Every April, my hoophead friends call or text with basically the same message: “He’s not ready.” Or, “If he doesn’t stay in school one more year, that kid is just flat-out stupid.” These are also the same unpaid talent evaluators, by the way, who thought Hasheem Thabeet was going to be the next Dikembe Mutombo. They also once sold me on high-flying Harold Miner. Unfortunately, “Baby Jordan” wasn’t in the league long enough to be Infant Julius.
These same virtual GMs are now positive that Alex Len made a colossal mistake by leaving Maryland for the NBA after his sophomore season. Some even think Otto Porter Jr., who also spent just two seasons at Georgetown, could use an extra year of dominating 20-year-old college kids before going pro.
I have just one retort for my basketball-genius brethren: They’re all ready, because enough NBA scouting departments have deemed them ready. And if the people with the purse strings believe you already can play or develop into a player at their level, it’s immaterial whether you become a 10-year pro or a three-and-out bust.
You have to go. Now. Or risk losing millions of dollars up front.
Both Len and Porter almost certainly will be lottery picks in the upcoming draft. Gauging by different draft Web sites, Porter could go as high as the third pick overall, and Len should be taken between the seventh and 10th picks.
All the hand-wringing, all the moral certitude, about how another year of college can benefit those two kids goes out the window with one unalterable fact: Through no fault of their own, their stock may never be higher in the league’s severely flawed system, an apprenticeship program that actually penalizes players such as Roy Hibbert and Jared Sullinger for having the wisdom to stay for another year of college.
Sullinger, a big piece of sheetrock in the post, bulled over the Big Ten as an 18-year-old. He was projected to be the No. 1 pick after his freshman season at Ohio State, ahead of Kyrie Irving. Instead, he stayed another season and was taken 21st, which became the difference between making $5.1 million his rookie year and $1.08 million. One more year of room, board and cafeteria privileges in Columbus turned out to be worth basically $4 million.
Hibbert’s story is more refreshing because he parlayed the confidence gained his senior year at Georgetown into his second NBA contract, a $55 million maximum deal. As a formerly uncoordinated 7-footer who morphed into an NBA all-star, he could be a role model for Len.
But should a still-raw 7-1 kid such as Len take that chance to buck the odds and become the next Big Roy? That’s a much bigger gamble for a player with a finite number of earning-power years than for the NBA front office executive who’s taking the chance, an official who will get another job after he’s fired.
Len isn’t a transcendent talent, but he had to leave school early simply because the NBA said he had to go.
Has Len developed the necessary back-to-the-basket skills to be a competent center in a game that barely employs any true big men anymore? No. Is he rugged enough to withstand a forearm in the throat from Metta World Peace and still come up with a loose ball? No. Can he put a couple of shots in Row D and make enough jump hooks and 10-footers to tantalize his new general manager into believing he can become the NBA’s next premier pick-and-pop guy? Definitely.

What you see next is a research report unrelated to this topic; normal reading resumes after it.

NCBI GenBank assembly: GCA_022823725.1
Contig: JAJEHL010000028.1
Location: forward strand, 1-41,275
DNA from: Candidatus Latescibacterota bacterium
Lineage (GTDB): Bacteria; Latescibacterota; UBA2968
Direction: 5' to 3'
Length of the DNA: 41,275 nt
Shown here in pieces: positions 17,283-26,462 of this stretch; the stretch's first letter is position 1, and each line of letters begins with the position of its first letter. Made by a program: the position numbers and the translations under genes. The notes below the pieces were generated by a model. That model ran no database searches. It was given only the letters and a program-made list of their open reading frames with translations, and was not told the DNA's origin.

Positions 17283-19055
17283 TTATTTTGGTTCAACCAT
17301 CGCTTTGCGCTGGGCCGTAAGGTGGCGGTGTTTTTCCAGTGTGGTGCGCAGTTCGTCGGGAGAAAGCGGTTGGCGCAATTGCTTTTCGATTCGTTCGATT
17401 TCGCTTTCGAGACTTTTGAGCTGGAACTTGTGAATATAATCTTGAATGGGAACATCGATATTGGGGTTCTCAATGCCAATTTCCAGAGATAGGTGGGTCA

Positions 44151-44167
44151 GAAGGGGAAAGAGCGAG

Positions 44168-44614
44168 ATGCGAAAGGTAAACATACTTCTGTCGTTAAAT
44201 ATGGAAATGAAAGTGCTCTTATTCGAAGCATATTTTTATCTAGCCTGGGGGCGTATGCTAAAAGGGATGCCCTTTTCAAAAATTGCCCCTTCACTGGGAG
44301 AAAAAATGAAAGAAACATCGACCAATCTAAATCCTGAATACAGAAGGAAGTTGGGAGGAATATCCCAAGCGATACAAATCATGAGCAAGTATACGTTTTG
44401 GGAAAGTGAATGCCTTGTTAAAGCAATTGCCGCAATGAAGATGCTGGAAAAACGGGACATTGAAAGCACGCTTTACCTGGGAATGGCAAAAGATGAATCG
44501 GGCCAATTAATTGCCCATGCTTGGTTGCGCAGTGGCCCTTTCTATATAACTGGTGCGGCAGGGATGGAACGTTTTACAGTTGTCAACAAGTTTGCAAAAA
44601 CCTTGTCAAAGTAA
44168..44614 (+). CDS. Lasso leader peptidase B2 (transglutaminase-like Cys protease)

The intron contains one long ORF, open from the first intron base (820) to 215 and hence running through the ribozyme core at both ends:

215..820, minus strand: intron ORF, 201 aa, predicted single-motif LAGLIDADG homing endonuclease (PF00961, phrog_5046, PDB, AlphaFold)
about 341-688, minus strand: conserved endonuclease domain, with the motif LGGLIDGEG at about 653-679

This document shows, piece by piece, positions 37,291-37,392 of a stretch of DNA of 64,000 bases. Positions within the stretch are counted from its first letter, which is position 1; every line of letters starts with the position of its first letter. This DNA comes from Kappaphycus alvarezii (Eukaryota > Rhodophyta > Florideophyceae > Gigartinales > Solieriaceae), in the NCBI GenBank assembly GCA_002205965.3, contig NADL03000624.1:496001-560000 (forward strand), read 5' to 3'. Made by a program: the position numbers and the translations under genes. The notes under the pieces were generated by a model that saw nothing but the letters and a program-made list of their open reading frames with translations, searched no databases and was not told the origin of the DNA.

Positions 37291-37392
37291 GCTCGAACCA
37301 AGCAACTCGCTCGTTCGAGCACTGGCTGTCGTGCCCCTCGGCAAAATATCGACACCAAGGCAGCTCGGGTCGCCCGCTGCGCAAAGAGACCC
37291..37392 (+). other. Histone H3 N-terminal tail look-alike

Because a relative unknown grew up to be Dirk Nowitzki and because a few great young Americans — many of whom, such as Kobe Bryant and Kevin Garnett, jumped to the league straight from high school — ruined the draft curve the past 15 to 20 years, NBA front offices became infatuated with overseas potential and child stars.
Hence, the NBA draft has become like investing in a Greek mutual fund: In both cases, you have no idea whether your Euro will be worth anything in three years.
Once a millennium, such as 2003, it all works out, and LeBron James is the one coming out of high school and Carmelo Anthony and Chris Bosh are the freshmen leaving early. (Even then, Darko Milicic was the No. 2 overall pick.). Much more often, you end up with classes such as 2000, when Stromile Swift, Darius Miles and Marcus Fizer left college eligibility on the table, were picked second through fourth overall . . . and were barely heard from again. In hindsight, one group was ready and one was not. But the message to both was the same: Turn pro and you will be picked high and paid well.
Is Porter going to be special? Eventually, yes. He intuitively knows the game like few young players. But the guess is the frenetic pace of the league is going to take a while for even his loping strides to catch up to. By his third year, a young man who hadn’t taken an airplane ride until he came to Georgetown for his recruiting visit could be on an all-NBA team — or, who knows, playing behind Martell Webster. Either way, it was time for him to leave.
Len looked as if he was big for nothing at Maryland a year ago and, if we’re being honest, in several ACC games this season. Now, a Ukrainian kid who speaks halting English is months away from being a millionaire after averaging fewer than 12 points and two blocks per game in college.
They didn’t set the market for themselves; they’re only taking advantage of imperfect talent evaluators, whose predecessors decided in different years to use No. 1 picks on Pervis “Out of Service” Ellison, Joe Barely Cares and Kwame Brown.
You want to blame someone for Maryland not having a shot-blocking monster in the middle in the next season? Blame Michael Jordan; blame his front office ilk. They made it possible for everyone to leave early and believe they could get Kwame money.
For more by Mike Wise, go to www.washingtonpost.com/wise.